The seed is where it all begins. A mature, healthy cannabis seed has a well-rounded shape with one flat end and one pointed end and has a rigid, tough outer casing to prevent the seed from being crushed easily. A seem down the side of the housing that opens up during germination. Cannabis seeds can vary significantly in their size, anywhere from tiny to massive. Mature seeds have an outer shell covered in dark marking, known as tiger stripes that are a thin layer of cells that coat the seed and can be easily rubbed off. Inside the seed is the plant’s embryo that contains everything the plant needs to start a new life once it is planted and taken care of.

Differences between Cannabis Concentrates and Flower

Cannabis concentrates are becoming an increasingly popular consumption method, but their potency and unfamiliar form can be intimidating at first. Many consumers will stick to what they know and never feel compelled to deviate from a jar of sweet-smelling flower. But cannabis concentrates and extracts have many benefits to offer you may not realize—for example, concentrates can offer cleaner, smoother, and less odiferous hits as well as discretion in the form of convenient, portable vaporizers.

1. Concentrates go by many names.

Although the multiplicity of strains available can make one’s head spin, even beginners have a pretty good idea of what they’re getting with flower, regardless of its name. “Concentrates” is an umbrella term that refers to a variety of different cannabis extracts and their monikers – and that’s where things can get more confusing.

Imagine you’re standing at the glass counter of a dispensary. Inside you see the following items: shatter, rosin, BHO, CO2, wax, crumble, honey oil, dabs, hash, tinctures, and capsules. Don’t let the breadth of options drive you away–many of these are different names for the same thing. Here are some quick tips for narrowing your search down:

  • Shatter, wax, crumble, sugar, honeycomb, sap, and oil often refer to a concentrate’s texture. While some people have a preference of an extract’s consistency, what’s important to many people is the solvent used and how compatible that extract is with their preferred consumption method. Also be mindful of potency and understand that a high THC content does not always equate to the best experience.
  • Most concentrates are extracted using CO2, hydrocarbons, water, alcohol, and heat. Solventless extracts made using water (e.g., hash) or heat (e.g., rosin) are excellent choices for those wary of how consuming solvents might affect them.
  • Ask your budtender which oils work with your delivery method of choice. Looking to dab something? Maybe try their recommended shatter, live resin, or rosin. Do you prefer vape pens? Choose a cartridge that’s compatible with your battery. Interested in ingestible concentrates? Ask about dosing tinctures and oil capsules.

2. Concentrates are more potent.

The most important distinction to make between cannabis flowers and concentrates is potency. While bud potency tends to range between 10-25% THC, a concentrate typically falls between 50-80% though some exceptional extracts can even push past 90%. Those numbers may be enough to scare off any under-seasoned consumers, and for good reason: dosing gets trickier as potency increases.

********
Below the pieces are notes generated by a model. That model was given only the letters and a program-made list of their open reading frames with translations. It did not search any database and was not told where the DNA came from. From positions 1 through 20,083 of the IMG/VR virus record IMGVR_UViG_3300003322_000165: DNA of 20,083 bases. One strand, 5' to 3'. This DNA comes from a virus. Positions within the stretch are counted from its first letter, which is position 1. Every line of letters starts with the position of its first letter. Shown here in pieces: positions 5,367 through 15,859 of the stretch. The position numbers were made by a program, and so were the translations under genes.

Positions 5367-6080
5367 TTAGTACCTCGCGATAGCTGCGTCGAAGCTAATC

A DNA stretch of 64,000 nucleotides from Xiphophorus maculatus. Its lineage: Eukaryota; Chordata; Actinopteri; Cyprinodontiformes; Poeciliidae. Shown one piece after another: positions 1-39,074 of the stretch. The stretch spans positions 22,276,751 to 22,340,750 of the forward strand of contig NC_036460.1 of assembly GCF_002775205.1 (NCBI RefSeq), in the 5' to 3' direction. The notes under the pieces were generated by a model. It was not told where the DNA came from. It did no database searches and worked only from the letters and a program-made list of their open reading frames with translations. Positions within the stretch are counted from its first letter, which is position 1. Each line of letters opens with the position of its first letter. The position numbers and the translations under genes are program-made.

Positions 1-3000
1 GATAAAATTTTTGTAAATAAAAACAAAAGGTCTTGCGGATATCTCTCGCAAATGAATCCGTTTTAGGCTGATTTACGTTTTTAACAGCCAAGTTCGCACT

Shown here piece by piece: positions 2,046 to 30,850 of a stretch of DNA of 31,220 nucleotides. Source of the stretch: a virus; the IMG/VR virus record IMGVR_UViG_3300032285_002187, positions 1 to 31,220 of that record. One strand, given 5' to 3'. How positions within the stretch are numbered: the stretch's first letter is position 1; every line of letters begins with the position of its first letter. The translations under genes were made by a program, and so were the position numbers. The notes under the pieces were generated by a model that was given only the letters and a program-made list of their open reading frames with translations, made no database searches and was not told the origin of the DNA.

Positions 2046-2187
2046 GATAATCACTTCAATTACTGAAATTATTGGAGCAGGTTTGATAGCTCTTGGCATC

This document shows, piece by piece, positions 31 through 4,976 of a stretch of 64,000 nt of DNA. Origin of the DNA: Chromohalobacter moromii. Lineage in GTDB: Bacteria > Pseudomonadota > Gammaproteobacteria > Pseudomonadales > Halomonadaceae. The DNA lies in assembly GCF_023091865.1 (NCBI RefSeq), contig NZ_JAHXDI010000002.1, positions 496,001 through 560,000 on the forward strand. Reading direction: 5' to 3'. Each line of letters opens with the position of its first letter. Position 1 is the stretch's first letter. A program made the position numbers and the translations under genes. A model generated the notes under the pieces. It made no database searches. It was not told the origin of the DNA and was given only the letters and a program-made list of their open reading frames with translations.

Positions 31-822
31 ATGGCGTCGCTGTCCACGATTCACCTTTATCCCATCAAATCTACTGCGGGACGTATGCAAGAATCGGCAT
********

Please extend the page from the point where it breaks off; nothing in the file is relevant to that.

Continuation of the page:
A mildly or non-intoxicating CBD-rich concentrate would be a good choice for beginners (that’s right, not all concentrates get you high). Hash and tinctures also tend to have lower THC contents than other types of concentrates, so you might consider steering toward those before graduating to the more potent oils. Just remember to always start with a low dose and work your way up if you’re new to concentrates or have a low tolerance.

3. Concentrates can be consumed in many different ways.

With bud, you can smoke it, vaporize it, and roll it, but there’s not much else you can do with it. Concentrates offer more options.

Dabbing—the process by which you apply an extract to a hot nail and inhale through a glass piece–is swiftly on the rise among cannabis veterans. Dabbing is an easy way to get a potent dose of cannabinoids, although the learning curve and equipment demands make it a less accessible option for new users.

4. Plant matter is stripped from concentrates.

Here’s one benefit to concentrates perhaps you’ve never thought of: extraction processes strip out plant material and isolate the compounds you want like THC and CBD (…and potentially some things you don’t want, in the case of pesticides, contaminants, and residual solvents; make sure the products you consume are tested).

When you smoke flower, you’re also smoking the plant material that leaves your glass black with tar. That can take a toll on your lungs. However, you may have noticed that when you dab oils, the glass and water stay clean for much longer.

Vaporizers heat cannabis below the temperature of combustion, but hot enough to extract beneficial compounds. This delivery method is ideal for health-conscious consumers.

5. Flowers may have more flavor—but not always.

If flavor is something you care about, this point is for you: some concentrates will lose their aromas and flavors in the extraction process. Terpenes are the volatile, fragrant oils secreted by the cannabis plant, and they give the flowers their smells from the sweet, fruity, and floral to the earthy, piney, and musky. Being so sensitive to heat, it can be difficult to preserve terpenes in many extraction processes.

For this reason, many producers have begun reintroducing these aromatic compounds afterward–which can result in products even more flavorful than the flower they came from. Some extracts like live resin often retain impressive flavor profiles without a need to reintroduce terpenes, and many consumers will tell you that this refined form tastes better and cleaner than the flower it was derived from.